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COVID-19 vaccines, mobility, and pandemic bureaucracies: Undocumented migrants’ perspectives from Italy’s Alpine border
7 months ago
COVID-19 vaccines, mobility, and pandemic bureaucracies: Undocumented migrants’ perspectives from Italy’s Alpine border

A new article by London School of Economics and Political Science has been published in Journal of Migration and Health

Abstract

 

While scholars have noted the deeply unequal effects of the pandemic containment, there has been limited attempt to map the socio-political lives of vaccination policies, particularly from the perspective of undocumented persons moving at state margins. This paper explores how undocumented migrants, who were predominantly male travellers attempting to cross Italy’s Alpine borders, encountered Covid-19 vaccines and contemporary legislation. Based on ethnographic observations and qualitative interviews with migrants, doctors, and activists at safehouses both on the Italian and French sides of the Alpine border, we trace how mobility centred decisions to accept or reject vaccines were significantly shaped by exclusionary border regimes. We move beyond the exceptional focus of the Covid-19 pandemic to show how centring visions of health connected to viral risk diverted attention from migrants’ wider struggles to move to obtain safety. Ultimately, we argue for a recognition of how health crises are not merely unequally experienced, but may result in the reconfiguration of violent governance practices at state borders.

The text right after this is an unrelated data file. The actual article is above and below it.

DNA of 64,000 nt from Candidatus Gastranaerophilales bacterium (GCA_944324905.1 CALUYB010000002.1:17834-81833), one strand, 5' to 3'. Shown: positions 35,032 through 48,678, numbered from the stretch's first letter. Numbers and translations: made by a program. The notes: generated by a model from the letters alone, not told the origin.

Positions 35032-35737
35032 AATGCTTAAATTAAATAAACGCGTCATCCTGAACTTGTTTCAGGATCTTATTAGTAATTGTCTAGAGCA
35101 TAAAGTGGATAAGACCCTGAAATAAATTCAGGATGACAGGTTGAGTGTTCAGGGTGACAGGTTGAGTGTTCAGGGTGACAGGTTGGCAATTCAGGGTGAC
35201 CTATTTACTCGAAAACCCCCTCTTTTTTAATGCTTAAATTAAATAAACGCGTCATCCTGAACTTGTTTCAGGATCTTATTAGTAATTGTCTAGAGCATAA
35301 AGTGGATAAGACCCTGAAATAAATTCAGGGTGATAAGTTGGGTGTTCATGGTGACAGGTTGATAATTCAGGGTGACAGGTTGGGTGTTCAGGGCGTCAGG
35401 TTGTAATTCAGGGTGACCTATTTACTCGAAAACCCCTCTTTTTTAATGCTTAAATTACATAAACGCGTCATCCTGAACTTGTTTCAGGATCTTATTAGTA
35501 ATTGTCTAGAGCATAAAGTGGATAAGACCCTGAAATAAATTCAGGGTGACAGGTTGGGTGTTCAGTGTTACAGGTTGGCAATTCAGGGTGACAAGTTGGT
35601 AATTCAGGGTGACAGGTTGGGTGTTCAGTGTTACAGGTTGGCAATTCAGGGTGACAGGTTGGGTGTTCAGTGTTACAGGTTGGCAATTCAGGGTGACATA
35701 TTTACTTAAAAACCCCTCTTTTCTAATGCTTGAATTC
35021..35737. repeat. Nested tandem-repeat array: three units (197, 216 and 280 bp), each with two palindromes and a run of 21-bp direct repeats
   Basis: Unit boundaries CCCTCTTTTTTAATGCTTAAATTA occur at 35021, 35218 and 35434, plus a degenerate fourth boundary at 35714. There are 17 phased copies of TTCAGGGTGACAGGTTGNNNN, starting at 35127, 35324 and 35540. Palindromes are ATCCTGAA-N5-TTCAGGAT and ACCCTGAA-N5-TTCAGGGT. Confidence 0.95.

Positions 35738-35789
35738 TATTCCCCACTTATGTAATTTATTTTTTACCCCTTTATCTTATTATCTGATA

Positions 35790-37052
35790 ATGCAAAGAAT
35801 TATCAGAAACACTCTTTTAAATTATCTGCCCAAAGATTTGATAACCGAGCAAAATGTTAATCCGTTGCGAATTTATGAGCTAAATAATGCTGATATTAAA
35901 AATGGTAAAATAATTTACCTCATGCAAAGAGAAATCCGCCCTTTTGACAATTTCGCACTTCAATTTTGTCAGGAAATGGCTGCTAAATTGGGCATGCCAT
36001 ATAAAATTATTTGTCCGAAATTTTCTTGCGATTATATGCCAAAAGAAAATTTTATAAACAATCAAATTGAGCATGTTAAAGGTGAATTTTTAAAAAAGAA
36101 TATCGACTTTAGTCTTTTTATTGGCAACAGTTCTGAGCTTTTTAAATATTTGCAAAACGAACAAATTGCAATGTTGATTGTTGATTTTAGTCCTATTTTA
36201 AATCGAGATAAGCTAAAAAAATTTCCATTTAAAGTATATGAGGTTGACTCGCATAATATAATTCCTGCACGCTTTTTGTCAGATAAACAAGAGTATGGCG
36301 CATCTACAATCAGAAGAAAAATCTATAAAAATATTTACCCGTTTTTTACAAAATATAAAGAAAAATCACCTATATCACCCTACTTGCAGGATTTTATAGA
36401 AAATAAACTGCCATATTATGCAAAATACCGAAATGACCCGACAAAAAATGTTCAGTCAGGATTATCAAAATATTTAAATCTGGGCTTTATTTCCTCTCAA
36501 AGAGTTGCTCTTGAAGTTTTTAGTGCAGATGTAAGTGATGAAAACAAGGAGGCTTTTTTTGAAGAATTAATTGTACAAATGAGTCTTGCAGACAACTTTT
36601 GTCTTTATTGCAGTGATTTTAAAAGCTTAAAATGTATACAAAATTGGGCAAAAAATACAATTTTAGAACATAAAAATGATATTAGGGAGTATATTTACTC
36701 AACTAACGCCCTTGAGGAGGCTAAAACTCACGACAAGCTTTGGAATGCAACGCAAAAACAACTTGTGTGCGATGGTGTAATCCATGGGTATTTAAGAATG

Find the full article here!